PUNTA GORDA, Fla -- After 75 years, D-Day has lived to be one of the most important times in our nation's history, and it holds a significant meaning to so many people. The Military Heritage Museum in Punta Gorda understands that day more than anyone. The museum hosted, residents, veterans and their families to commemorate the historic time.
The museum set up movies and exhibits honoring the soldiers who invaded Normandy. Some people were given chances to use virtual reality glasses to see what the experience was like as well. But today was about those who paid the ultimate sacrifice, several World War II veterans were recognized and given certificates for their service in the war.
If you ask anyone in the building, 96-year old old Robert Schehr, who served in the navy for six years, remembers D-Day like it was yesterday.
"I lost a lot of friends, guys that went from boot camp, Pearl Harbor, Midway Island," Schehr said.
Between 4,000 and 9,000 men died that day in Normandy, and others lived to carry on their legacy. Looking through old photographs from that day, one picture sticks with Barbara Thompson, a man is captured by enemy soldiers on the shoreline, she later learned it was her father, but she says she didn’t know until a few years ago.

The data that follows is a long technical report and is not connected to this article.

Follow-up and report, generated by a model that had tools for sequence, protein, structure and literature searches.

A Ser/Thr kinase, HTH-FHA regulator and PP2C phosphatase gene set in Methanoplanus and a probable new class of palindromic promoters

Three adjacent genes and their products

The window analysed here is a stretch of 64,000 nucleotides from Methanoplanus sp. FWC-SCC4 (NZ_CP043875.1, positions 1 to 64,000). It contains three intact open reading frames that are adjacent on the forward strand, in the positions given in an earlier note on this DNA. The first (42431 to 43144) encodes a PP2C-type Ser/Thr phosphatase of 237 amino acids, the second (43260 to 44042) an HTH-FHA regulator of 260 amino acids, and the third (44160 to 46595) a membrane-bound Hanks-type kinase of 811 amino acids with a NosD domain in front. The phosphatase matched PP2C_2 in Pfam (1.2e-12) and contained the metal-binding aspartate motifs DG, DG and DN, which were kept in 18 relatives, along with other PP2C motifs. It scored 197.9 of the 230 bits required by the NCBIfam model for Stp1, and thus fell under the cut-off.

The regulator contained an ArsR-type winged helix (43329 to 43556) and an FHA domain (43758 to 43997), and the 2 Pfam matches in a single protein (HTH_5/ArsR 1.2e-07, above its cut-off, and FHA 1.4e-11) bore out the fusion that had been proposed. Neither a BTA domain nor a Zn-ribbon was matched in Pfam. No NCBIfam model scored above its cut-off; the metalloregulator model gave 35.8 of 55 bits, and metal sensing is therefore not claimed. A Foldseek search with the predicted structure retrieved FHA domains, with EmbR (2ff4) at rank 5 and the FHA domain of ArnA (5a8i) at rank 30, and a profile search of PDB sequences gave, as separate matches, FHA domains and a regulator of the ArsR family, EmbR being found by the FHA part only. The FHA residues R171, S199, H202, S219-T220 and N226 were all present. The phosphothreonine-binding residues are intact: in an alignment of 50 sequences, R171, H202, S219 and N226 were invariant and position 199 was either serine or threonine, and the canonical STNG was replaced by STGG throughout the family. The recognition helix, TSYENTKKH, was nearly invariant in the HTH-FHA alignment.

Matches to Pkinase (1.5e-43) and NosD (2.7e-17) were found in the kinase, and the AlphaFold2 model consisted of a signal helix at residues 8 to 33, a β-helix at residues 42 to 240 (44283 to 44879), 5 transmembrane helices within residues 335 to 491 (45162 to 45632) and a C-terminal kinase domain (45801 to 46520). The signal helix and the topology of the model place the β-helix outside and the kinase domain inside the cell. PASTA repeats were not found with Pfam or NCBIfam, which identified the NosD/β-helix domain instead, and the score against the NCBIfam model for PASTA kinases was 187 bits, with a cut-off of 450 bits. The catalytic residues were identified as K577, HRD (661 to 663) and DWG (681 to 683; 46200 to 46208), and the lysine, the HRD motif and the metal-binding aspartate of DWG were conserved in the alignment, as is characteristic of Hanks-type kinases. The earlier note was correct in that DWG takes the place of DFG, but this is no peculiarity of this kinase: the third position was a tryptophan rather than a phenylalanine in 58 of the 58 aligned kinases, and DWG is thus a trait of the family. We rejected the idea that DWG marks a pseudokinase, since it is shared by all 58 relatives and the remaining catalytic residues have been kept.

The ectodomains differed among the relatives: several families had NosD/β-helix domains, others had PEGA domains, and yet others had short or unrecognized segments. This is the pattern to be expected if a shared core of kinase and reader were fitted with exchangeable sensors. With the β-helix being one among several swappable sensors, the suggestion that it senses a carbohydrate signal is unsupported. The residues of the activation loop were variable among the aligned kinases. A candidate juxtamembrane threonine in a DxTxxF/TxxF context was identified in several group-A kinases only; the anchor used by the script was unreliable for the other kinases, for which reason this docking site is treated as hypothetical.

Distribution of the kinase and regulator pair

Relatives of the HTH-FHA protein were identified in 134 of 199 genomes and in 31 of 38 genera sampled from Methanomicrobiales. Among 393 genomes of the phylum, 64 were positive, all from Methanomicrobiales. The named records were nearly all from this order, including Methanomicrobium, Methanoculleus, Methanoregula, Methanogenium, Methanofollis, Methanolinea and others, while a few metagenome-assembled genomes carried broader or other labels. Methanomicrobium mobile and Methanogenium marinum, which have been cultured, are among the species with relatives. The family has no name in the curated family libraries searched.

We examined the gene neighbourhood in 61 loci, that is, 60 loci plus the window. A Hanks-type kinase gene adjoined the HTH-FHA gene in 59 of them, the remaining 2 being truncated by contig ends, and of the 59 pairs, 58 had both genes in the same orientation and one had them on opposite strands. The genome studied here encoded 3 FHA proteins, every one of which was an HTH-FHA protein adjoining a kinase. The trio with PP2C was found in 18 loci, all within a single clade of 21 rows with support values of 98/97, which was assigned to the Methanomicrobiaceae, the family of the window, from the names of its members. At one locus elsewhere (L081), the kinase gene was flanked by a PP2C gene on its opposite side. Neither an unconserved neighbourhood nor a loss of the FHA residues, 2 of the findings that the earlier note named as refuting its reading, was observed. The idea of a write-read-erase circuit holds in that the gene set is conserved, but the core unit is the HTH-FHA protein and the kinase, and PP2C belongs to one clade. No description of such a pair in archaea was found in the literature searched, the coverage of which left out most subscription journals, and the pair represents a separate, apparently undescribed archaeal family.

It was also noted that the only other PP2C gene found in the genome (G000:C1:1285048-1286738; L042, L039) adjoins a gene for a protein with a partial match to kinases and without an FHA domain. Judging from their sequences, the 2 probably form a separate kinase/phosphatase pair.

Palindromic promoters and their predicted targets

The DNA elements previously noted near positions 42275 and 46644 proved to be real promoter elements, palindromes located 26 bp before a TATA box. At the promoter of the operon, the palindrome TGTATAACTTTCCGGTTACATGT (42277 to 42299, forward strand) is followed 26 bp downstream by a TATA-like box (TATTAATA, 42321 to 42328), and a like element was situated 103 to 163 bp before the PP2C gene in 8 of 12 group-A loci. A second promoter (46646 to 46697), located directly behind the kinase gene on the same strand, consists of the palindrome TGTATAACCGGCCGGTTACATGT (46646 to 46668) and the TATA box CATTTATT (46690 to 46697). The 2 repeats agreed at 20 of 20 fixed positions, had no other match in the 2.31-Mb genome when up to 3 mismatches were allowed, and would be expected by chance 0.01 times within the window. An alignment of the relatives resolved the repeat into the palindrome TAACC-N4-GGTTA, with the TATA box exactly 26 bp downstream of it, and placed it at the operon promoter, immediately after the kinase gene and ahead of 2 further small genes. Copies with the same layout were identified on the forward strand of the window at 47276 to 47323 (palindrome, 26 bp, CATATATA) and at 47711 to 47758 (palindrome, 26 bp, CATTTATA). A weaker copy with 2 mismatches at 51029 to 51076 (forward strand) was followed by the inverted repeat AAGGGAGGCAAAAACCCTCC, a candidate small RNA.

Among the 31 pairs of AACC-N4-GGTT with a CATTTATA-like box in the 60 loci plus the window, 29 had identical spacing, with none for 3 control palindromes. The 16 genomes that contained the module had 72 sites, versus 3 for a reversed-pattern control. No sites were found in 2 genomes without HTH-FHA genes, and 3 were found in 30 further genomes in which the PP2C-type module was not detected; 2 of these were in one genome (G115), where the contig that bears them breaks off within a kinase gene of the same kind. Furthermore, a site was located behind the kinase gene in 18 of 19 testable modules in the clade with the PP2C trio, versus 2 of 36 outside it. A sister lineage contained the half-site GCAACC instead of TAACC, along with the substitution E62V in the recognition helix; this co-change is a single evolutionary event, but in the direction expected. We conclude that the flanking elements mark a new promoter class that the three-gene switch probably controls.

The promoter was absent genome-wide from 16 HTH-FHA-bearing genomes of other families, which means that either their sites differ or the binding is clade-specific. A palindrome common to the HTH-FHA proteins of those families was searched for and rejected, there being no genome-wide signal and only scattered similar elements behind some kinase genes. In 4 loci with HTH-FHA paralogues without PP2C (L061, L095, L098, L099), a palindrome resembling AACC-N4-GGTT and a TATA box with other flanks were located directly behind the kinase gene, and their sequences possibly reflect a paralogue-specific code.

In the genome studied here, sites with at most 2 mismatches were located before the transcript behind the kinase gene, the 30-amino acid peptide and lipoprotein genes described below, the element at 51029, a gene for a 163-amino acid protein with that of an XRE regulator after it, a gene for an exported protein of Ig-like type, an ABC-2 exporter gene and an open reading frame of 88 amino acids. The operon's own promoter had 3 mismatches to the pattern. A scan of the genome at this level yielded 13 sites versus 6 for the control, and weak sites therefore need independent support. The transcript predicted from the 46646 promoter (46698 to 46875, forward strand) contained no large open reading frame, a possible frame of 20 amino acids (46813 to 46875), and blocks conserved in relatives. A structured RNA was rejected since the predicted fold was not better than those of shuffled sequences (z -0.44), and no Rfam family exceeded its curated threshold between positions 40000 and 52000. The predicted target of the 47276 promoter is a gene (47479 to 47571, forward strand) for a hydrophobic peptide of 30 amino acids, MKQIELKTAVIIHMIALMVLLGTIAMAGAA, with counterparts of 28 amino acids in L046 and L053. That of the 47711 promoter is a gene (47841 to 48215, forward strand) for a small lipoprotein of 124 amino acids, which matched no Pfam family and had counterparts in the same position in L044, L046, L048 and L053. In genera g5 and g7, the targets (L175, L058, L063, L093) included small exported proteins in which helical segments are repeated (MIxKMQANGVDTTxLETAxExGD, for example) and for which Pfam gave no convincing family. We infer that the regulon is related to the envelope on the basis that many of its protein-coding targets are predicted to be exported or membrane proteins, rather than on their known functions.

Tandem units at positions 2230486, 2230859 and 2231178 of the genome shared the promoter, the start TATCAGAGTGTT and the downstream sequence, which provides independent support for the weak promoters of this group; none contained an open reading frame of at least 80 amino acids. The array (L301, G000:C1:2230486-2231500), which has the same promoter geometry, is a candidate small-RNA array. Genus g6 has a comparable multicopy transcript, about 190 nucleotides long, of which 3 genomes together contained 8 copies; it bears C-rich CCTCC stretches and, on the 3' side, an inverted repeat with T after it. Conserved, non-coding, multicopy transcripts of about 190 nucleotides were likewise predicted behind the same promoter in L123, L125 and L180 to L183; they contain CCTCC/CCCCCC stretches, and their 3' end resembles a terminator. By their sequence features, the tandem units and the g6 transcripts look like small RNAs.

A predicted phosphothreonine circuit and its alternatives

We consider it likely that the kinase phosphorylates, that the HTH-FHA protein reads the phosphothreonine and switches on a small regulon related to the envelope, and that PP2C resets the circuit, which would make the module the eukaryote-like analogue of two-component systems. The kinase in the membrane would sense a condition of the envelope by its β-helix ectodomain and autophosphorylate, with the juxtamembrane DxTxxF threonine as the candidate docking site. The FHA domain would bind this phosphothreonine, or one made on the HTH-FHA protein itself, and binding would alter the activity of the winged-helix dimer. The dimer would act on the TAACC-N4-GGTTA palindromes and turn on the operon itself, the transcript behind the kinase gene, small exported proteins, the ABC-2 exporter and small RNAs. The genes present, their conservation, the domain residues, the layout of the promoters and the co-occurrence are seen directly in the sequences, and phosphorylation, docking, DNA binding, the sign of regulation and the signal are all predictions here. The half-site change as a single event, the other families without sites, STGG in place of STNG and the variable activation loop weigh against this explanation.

"He never really wanted to share a lot of this, he was proud to be in the army but it was a pretty traumatic experience," Thompson said. But his legacy and years of service live on through her.
"It’s just by the grace of God, he survived and many didn’t survive," Thompson said.
It was for the few, the proud, and the bold were honored, on a day that won’t soon be forgotten.